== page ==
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How to Write Headlines That Make Them Stand Up and Take Action

A blurred photo of a man standing on a stage in front of a lot of people

find headlines on magazines

Helen Gurley Brown died this week.

In the early 1960s, Gurley Brown was one of the highest-paid advertising copywriters in the US. In 1962, she wrote Sex and the Single Girl, which became a bestselling book.

In 1965, she was hired by Cosmopolitan magazine. At that time, the publication was barely afloat. Gurley Brown helped turn it around, and continued on as editor for another 32 years, until 1997.

One of the secrets to Cosmopolitan’s success are the outrageous headlines that fill each cover, competing for space with gorgeous women in provocative poses.

This formula took Cosmopolitan from a failing publication to a worldwide phenomenon, with 64 international editions.

What does headline writing have to do with small business?

It turns out that the magazine rack is one of the best places to find inspiration for how to write headlines that make people want to visit your content marketing.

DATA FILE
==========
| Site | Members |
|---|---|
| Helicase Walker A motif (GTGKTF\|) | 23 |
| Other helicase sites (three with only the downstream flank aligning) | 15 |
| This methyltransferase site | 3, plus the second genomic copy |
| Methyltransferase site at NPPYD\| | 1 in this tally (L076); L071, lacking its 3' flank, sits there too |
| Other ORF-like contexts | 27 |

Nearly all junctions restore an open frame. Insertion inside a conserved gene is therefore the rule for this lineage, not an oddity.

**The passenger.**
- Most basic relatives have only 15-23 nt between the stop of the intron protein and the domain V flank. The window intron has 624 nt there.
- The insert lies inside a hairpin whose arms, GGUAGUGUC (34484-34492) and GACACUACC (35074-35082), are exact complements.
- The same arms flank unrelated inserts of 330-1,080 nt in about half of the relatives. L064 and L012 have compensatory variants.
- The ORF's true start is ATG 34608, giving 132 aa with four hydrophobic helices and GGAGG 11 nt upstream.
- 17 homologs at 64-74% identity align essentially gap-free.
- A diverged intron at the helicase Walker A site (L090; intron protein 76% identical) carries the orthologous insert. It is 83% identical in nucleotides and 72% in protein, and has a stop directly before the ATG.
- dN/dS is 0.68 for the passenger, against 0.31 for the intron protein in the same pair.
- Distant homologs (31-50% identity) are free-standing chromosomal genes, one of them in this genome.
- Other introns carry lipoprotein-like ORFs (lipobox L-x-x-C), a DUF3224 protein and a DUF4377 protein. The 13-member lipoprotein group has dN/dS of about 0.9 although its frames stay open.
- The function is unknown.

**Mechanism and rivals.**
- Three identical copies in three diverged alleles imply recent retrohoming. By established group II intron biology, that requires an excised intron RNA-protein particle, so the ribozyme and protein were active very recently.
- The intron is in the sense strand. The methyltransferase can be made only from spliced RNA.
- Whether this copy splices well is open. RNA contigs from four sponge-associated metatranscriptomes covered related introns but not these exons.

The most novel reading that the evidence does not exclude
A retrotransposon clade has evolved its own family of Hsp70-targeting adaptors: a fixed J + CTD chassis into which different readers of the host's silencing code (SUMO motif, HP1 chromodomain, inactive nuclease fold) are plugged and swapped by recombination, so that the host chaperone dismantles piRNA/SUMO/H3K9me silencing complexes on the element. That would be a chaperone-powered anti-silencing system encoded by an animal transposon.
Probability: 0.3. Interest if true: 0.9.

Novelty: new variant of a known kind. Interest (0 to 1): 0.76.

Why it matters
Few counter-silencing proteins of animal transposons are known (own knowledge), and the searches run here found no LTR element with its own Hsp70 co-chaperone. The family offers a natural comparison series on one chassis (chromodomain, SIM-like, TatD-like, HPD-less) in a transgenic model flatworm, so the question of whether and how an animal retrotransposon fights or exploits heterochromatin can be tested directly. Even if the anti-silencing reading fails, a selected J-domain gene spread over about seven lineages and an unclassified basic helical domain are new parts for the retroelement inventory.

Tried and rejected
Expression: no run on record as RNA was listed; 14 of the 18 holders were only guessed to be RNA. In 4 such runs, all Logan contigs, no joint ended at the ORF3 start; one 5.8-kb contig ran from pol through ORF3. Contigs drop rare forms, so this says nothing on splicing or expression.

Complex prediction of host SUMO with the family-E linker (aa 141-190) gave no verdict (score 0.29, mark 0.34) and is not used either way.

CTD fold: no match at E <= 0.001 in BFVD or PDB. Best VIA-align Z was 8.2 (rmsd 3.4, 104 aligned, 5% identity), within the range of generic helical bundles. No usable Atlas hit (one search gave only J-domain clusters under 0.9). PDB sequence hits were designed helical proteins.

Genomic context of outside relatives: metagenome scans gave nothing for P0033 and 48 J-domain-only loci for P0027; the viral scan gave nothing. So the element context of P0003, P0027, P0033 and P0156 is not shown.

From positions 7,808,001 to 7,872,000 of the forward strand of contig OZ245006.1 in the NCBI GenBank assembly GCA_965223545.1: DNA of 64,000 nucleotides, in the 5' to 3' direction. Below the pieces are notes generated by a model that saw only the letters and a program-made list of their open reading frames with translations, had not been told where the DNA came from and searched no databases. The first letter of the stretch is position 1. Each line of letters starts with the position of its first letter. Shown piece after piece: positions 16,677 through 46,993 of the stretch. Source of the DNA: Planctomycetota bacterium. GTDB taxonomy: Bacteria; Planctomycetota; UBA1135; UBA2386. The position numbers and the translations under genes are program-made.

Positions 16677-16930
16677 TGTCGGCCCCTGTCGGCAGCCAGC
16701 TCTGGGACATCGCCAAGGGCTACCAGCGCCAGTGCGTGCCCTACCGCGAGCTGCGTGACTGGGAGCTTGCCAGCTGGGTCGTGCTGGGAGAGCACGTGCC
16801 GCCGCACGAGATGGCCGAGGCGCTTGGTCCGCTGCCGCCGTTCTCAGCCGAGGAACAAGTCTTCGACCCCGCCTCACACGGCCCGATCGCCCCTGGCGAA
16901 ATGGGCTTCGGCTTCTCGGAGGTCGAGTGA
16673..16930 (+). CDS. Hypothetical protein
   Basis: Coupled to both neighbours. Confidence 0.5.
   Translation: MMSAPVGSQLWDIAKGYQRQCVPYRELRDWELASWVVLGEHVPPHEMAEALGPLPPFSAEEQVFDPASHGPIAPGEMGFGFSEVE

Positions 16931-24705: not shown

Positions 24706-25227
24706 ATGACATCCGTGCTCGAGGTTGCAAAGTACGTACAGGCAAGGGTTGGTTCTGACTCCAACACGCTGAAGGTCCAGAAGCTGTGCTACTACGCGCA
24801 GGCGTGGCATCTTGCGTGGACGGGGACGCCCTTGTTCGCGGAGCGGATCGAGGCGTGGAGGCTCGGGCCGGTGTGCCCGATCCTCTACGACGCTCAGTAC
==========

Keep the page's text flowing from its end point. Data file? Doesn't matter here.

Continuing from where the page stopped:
And the best magazines to look at are the ones that live or die by whether you pick them up on a whim.

All it takes is some imagination and creative re-writing to turn that slightly naughty — or completely outrageous — magazine headline into a blockbuster headline for your business.

Headline frenzy: 9 ideas you’ll drool over

In honor of Helen, here are some headline re-write examples straight from the covers of Cosmopolitan magazine:

Get the Life You Want: It’s Way Easier Than You Think becomes
Get the Sales You Want: It’s Way Faster Than You Think
(for a CRM software company’s landing page)

329 Beauty Tricks: We Tried Them. They Work! becomes
329 Whiter Smile Tricks. We Approve Them Because They Work!
(for a dental practice booklet)

Gut Feelings You Should Never Ignore becomes
Analytics Numbers You Should Never Ignore
(for an SEO firm’s blog post)

Why Love Makes Sane Women Stupid becomes
Why Stress Makes Sane People Foolish
(for a massage therapist’s brochure)

4 Risks You’re Not Taking Seriously Enough becomes
4 Customer Signals You Need to Notice Now
(for an in-house sales publication)

10 Subliminal Tricks That Make People Adore You becomes
10 Subliminal Techniques to Get Yourself Hired
(for a temporary agency website)

Firm Up Your Beach Body Fast: Seven Days to Gorgeous becomes
Transform Your Business Fast: Seven Weeks to Profits
(for a business coach’s blog)

7 Things Guys Talk About When You’re Not There becomes
7 Things Your Customer Complains About When You’re Not There
(for a sales training manual)

Fashion Frenzy: 245 Shoes and Bags to Drool Over becomes
(see subhead above this section!)